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Biological Trace Element Research

, Volume 153, Issue 1–3, pp 41–49 | Cite as

Cross-Sectional Relationship Between Chronic Stress and Mineral Concentrations in Hair of Elementary School Girls

  • Barbara Vanaelst
  • Nathalie Michels
  • Inge Huybrechts
  • Els Clays
  • Maria R. Flórez
  • Lieve Balcaen
  • Martin Resano
  • Maite Aramendia
  • Frank Vanhaecke
  • Noellie Rivet
  • Jean-Sebastien Raul
  • Anne Lanfer
  • Stefaan De Henauw
Article

Abstract

Chronic stress exposure is associated with diverse negative health outcomes. It has been hypothesised that stress may also negatively affect the body's mineral status. This study investigates the association between chronic stress and long-term mineral concentrations of calcium (Ca), copper (Cu), iron (Fe), magnesium (Mg), phosphorus (P) and zinc (Zn) in scalp hair among elementary school girls. Complete information on child-reported stress estimates (Coddington Life Events Scale (CLES)), hair cortisone and hair mineral concentrations, and predefined confounders in the stress–mineral relationship (i.e. age, body mass index, physical activity, diet, hair colour and parental education) was provided cross-sectionally for 140 girls (5–10 years old). The relationship between childhood stress measures (predictor) and hair minerals (outcome) was studied using linear regression analysis, adjusted for the abovementioned confounders. Hair cortisone concentrations were inversely associated with hair mineral concentrations of Ca, Mg, Zn and the Ca/P ratio. Children at risk by life events (CLES) presented an elevated Ca/Mg ratio. These findings were persistent after adjustment for confounders. This study demonstrated an independent association between chronic stress measures and hair mineral levels in young girls, indicating the importance of physiological stress–mineral pathways independently from individual or behavioural factors. Findings need to be confirmed in a more heterogeneous population and on longitudinal basis. The precise mechanisms by which stress alters hair mineral levels should be further elucidated.

Keywords

Hair Cortisone Life events Stress Mineral Child 

Notes

Acknowledgments

The project was financed by the European Community within the Sixth RTD Framework Program contract no. 016181 (FOOD) and the research council of Ghent University (Bijzonder Onderzoeksfonds). Barbara Vanaelst, Lieve Balcaen and Maite Aramendia are financially supported by the Research Foundation—Flanders (grant nos. 1.1.894.11.N.00, 1.2.031.09.N.01 and 1.2.031.09.N.01, respectively). Nathalie Michels is financially supported by the research council of Ghent University (Bijzonder onderzoeksfonds). María R. Flórez is financially supported by Gent University (project BOF 01SB0309) and the Spanish Ministry of Economy and Competitiveness (project CTQ2009-08606). The authors wish to thank the ChiBS children and their parents who generously volunteered and participated in this project.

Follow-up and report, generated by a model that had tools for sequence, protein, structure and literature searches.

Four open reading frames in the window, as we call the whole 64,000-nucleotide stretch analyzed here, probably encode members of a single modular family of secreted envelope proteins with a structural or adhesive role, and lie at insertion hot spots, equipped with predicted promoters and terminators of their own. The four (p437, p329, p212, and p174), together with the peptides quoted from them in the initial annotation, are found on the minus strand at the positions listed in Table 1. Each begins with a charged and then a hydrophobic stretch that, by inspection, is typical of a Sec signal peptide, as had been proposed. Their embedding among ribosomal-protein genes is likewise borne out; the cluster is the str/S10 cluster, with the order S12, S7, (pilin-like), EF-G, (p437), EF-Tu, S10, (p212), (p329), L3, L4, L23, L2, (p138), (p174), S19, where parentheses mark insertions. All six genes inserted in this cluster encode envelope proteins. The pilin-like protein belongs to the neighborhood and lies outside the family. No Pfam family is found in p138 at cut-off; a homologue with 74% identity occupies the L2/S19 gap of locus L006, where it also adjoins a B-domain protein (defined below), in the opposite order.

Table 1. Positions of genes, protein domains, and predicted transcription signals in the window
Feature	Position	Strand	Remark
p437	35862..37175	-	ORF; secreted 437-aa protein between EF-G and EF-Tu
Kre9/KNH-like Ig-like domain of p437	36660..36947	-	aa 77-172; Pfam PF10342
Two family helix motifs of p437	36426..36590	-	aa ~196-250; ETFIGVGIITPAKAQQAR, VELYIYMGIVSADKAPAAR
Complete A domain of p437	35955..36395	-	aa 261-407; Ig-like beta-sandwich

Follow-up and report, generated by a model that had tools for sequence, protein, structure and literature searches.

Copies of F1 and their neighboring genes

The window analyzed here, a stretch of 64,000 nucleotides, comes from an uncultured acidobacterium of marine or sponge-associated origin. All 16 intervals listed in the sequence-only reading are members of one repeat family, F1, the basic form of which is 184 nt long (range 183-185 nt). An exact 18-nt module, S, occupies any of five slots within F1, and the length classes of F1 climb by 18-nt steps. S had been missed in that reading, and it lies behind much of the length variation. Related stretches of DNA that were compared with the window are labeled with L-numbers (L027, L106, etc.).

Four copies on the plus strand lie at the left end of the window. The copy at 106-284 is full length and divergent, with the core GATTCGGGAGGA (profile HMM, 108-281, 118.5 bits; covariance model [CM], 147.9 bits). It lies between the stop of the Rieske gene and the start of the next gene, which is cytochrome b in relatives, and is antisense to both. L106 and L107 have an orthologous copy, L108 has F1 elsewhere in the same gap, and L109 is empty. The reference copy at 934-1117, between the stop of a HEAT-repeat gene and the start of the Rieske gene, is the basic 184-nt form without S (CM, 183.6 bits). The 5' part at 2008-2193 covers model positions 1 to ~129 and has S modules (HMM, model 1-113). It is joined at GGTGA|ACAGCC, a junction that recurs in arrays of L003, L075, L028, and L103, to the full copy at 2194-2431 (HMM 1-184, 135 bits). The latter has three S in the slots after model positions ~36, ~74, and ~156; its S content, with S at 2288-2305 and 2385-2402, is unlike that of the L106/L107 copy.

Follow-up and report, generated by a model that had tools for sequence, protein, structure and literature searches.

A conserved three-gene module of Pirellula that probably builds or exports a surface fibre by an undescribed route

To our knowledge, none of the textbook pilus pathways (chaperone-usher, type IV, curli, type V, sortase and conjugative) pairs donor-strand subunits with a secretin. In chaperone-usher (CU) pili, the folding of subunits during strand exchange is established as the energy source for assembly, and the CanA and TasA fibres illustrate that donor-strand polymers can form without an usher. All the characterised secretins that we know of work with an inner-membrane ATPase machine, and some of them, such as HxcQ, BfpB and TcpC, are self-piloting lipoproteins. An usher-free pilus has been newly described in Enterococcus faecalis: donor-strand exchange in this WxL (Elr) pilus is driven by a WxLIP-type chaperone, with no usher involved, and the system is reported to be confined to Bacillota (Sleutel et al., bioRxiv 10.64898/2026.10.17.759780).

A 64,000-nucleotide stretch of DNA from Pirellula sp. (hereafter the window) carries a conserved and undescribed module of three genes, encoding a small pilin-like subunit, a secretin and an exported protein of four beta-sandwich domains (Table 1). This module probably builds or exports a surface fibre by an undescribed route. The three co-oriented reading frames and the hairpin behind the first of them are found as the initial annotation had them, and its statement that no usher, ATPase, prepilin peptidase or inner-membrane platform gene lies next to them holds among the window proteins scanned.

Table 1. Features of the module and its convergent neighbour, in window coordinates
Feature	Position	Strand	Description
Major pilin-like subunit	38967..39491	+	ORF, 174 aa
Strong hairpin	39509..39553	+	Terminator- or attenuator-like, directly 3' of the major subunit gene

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Copyright information

© Springer Science+Business Media New York 2013

Authors and Affiliations

  • Barbara Vanaelst
    • 1
    • 2
    • 10
  • Nathalie Michels
    • 1
  • Inge Huybrechts
    • 1
    • 3
  • Els Clays
    • 1
  • Maria R. Flórez
    • 4
    • 5
  • Lieve Balcaen
    • 2
    • 4
  • Martin Resano
    • 5
  • Maite Aramendia
    • 2
    • 6
  • Frank Vanhaecke
    • 4
  • Noellie Rivet
    • 7
  • Jean-Sebastien Raul
    • 7
  • Anne Lanfer
    • 8
  • Stefaan De Henauw
    • 1
    • 9
  1. 1.Department of Public HealthGhent UniversityGhentBelgium
  2. 2.Research Foundation—Flanders (FWO)BrusselsBelgium
  3. 3.Dietary Exposure Assessment GroupInternational Agency for Research on Cancer (IARC/WHO)Lyon CEDEX 08France
  4. 4.Department of Analytical ChemistryGhent UniversityGhentBelgium
  5. 5.Department of Analytical ChemistryUniversity of ZaragozaZaragozaSpain
  6. 6.Centro Universitario de la Defensa–Academia General Militar de ZaragozaZaragozaSpain
  7. 7.Department of Toxicology, Institute of Legal MedicineUniversity of StrasbourgStrasbourgFrance
  8. 8.BIPS Institute for Epidemiology and Prevention ResearchBremenGermany
  9. 9.Department of Health Sciences, VesaliusUniversity College GhentGhentBelgium
  10. 10.Department of Public Health, Ghent UniversityUniversity HospitalGhentBelgium

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